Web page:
Saturday, April 11, 2009

Preying and Praying for Life


(Riding up to the nests with journalists from National Geographic, family members, volunteers, and biologists - all eager to see beauty)

We come to our last nest of the second week
of macaw chick observation here with a near fiesta atmosphere.  Our ailing chicks from last week that we
treated are improved, and the one failing chick has food in his crop this
morning.  His hunger cries do not disturb
our mornings, though the calls of his aggrieved circling parents haunt my soul,
as do those ghosts of all birds I have known and lost.  There is something primal, emotionally deep
and so very real in their voices that speak of threat and unanswerable
pain.  Indeed there will be losses this

The very last nest we climb that contained
two relatively healthy chicks last week is now empty, their rainbow visions now
only for cameras, never to soar over this earth. 


(Beloved chicks captured forever on film and in hearts - photo by Merlina Barnes, WCS Volunteer)

Evidence points to the nest being predated by
a Collared Forest Falcon, who in feeding its own must kill another’s.  It seems a final statement on all the
tragedies of a country beset by poverty, violence, and genocide.  Human beings must harm
to survive, but desmasiado (too much).


We walk back from the nest through Mayan
ruins and we hear above us a Forest Falcon calling.  It’s voice taunting us from above echoes
through the forest and in our hearts. 
Melvin climbs over covered ruins in pursuit of a closer view and picture
of this wondrous predator.  Now he is the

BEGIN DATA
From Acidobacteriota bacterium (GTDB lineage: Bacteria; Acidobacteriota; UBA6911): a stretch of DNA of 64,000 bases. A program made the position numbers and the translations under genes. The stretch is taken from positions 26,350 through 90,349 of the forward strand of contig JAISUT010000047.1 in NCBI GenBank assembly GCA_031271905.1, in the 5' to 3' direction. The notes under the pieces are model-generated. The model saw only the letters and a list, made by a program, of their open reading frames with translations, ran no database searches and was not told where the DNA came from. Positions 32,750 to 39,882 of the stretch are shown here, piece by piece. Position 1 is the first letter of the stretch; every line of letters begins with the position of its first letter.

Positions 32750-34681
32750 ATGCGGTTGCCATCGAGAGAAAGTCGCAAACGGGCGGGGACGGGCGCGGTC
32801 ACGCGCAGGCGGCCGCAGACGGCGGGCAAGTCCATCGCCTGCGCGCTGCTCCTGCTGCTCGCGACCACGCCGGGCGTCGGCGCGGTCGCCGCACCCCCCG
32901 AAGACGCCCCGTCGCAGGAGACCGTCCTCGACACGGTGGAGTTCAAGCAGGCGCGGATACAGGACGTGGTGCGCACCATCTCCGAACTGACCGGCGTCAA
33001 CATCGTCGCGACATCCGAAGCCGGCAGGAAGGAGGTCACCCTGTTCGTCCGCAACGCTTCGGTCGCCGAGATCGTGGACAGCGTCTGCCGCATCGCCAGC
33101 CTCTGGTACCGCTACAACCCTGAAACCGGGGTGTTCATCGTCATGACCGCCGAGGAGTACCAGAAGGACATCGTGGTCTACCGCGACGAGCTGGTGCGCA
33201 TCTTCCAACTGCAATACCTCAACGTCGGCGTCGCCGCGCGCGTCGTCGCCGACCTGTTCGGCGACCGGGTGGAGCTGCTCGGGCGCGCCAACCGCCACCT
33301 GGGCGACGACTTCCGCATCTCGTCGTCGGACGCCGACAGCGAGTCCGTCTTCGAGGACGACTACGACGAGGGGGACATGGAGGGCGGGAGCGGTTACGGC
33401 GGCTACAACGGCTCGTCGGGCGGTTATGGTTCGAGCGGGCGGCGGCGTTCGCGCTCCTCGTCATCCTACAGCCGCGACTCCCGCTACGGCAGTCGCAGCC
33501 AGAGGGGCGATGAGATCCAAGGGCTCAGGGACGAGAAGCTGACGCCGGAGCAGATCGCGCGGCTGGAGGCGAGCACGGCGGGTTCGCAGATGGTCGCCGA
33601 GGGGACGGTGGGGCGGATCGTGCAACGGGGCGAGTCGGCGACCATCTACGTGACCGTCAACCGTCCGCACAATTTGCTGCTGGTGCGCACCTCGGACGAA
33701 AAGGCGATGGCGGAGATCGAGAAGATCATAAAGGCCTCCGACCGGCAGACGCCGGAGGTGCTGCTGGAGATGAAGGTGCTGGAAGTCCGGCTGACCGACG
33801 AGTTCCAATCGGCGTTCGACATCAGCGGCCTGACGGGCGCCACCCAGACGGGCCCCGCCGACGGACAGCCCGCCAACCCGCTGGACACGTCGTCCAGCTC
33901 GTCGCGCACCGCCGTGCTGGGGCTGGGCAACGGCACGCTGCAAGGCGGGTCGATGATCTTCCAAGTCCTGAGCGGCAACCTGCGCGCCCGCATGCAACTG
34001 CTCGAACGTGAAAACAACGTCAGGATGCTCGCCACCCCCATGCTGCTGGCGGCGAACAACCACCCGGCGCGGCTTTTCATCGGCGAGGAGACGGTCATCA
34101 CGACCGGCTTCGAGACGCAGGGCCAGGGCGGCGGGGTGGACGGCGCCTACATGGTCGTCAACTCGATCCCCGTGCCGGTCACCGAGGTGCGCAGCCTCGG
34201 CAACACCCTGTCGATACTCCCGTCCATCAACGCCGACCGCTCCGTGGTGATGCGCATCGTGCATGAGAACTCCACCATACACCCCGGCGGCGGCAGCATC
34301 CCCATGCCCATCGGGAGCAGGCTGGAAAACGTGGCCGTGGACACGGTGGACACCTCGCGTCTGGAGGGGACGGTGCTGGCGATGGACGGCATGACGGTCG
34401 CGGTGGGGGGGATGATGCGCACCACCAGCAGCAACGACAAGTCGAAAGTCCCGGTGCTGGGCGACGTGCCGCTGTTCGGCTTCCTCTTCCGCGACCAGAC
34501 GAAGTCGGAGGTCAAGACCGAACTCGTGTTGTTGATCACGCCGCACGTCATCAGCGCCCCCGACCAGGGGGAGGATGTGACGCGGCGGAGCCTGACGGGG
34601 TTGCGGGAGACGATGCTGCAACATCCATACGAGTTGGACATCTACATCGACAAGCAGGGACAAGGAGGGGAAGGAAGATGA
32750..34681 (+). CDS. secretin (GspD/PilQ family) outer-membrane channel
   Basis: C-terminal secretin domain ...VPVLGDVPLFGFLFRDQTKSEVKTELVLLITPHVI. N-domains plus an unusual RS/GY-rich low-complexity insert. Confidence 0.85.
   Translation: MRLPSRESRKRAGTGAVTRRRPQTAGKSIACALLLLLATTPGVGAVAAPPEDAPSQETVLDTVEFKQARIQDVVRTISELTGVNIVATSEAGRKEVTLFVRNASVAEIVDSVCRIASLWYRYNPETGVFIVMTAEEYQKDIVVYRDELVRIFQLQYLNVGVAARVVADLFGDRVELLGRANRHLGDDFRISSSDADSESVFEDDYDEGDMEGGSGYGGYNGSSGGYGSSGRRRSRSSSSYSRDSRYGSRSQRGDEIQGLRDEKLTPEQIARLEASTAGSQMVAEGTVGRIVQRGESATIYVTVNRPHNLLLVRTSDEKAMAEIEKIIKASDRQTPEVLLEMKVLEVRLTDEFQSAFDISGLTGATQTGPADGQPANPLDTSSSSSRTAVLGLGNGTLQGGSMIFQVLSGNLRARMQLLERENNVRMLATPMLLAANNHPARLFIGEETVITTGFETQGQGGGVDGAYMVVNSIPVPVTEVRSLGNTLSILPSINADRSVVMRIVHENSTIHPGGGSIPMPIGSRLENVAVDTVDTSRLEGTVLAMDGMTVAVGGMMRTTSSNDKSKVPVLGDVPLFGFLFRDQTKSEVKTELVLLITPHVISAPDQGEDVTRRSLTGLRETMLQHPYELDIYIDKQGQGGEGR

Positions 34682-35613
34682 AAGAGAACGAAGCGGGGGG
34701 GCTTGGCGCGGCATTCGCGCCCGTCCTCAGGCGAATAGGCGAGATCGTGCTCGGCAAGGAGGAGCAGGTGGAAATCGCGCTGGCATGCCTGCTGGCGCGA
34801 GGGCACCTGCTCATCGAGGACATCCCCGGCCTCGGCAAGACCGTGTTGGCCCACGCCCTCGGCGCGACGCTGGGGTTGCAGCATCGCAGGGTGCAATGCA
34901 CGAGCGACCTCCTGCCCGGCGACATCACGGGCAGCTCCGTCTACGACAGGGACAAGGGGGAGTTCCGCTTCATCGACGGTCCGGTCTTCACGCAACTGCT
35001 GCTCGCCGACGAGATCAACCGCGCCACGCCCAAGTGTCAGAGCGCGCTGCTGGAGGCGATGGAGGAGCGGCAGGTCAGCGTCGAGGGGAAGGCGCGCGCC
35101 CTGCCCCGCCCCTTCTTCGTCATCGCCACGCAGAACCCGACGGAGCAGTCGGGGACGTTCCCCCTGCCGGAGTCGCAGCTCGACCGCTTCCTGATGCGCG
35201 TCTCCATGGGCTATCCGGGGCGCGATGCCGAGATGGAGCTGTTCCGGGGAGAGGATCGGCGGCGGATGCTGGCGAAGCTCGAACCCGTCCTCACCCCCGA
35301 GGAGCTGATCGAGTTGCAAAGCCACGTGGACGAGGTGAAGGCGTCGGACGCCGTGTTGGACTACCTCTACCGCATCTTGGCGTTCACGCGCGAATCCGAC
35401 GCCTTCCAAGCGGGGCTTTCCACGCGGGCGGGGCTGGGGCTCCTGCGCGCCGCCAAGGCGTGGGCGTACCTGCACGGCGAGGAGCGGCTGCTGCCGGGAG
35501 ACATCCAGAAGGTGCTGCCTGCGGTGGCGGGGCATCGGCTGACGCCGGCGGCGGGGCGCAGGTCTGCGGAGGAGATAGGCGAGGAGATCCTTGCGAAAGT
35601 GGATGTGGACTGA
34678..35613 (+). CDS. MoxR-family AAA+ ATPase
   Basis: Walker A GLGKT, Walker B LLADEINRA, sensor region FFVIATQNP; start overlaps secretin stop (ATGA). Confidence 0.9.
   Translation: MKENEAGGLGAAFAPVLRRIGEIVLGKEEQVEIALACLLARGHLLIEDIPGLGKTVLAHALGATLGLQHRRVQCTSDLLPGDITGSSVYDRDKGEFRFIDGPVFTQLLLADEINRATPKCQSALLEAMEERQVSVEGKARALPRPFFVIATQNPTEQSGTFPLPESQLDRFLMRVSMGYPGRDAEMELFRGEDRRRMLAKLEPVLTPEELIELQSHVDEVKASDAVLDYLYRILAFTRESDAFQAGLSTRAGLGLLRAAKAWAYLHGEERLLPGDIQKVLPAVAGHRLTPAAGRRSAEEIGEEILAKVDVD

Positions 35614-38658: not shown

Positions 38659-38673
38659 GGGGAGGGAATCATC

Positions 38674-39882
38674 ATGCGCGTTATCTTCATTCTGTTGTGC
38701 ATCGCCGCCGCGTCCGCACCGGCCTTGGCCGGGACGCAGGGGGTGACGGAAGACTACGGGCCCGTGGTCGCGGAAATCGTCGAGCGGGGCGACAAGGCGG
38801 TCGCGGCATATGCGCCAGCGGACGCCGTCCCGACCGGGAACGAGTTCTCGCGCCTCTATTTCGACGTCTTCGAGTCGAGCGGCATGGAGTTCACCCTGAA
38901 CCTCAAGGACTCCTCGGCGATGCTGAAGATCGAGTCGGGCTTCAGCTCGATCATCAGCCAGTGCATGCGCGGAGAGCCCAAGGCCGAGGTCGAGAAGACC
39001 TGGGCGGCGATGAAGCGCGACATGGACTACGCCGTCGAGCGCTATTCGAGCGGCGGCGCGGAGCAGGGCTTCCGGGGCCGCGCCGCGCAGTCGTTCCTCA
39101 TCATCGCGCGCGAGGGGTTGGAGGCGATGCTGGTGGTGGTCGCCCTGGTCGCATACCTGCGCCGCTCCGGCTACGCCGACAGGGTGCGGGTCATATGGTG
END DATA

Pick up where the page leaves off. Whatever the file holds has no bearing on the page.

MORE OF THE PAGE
one stalking beauty that beats within the same breast as does tragedy and
death.  If we forgive the falcon in a
matter of minutes, might we learn somehow to forgive our own species?

I recall a quote from the movie, The Thin Red Line.  The hero caught up in the destruction of
World War II in the Pacific looks down and sees a parrot chick struggling in
ashes, bombed out of it’s nest from the shelling on the enemy line. The soldier
muses, “One man looks at a dying bird and thinks there’s nothing but
unanswerable pain.   Another man sees
that same bird and feels the glory – feels something smiling through it.” 

In my return to parrot conservation in
Guatemala I recall the pain of loss and death, for it is with me always, but I
also cannot, and will not be separated from the beauty of falcon, forest, and
fires, for they are in me too.  We humans
come out of the ashes of dead stars, out of earth, out of Africa, and to ashes
and dust we return.  Our foot prints on
this world need not mark our days with thoughts of only harm, for in the
history and evolution of our past is the story of wholeness, and though this
web of life catches us with messy interconnection, I pray we can answer the
ravaging ways of our kind with love and with forgiveness.  Kindness and earth first, for there is never
a second chance for this moment again, no matter what it brings.


 Praying Together With Life

(baby Howler Monkey at ARCAS Rescue Center near Flores, Peten, Guatemala)

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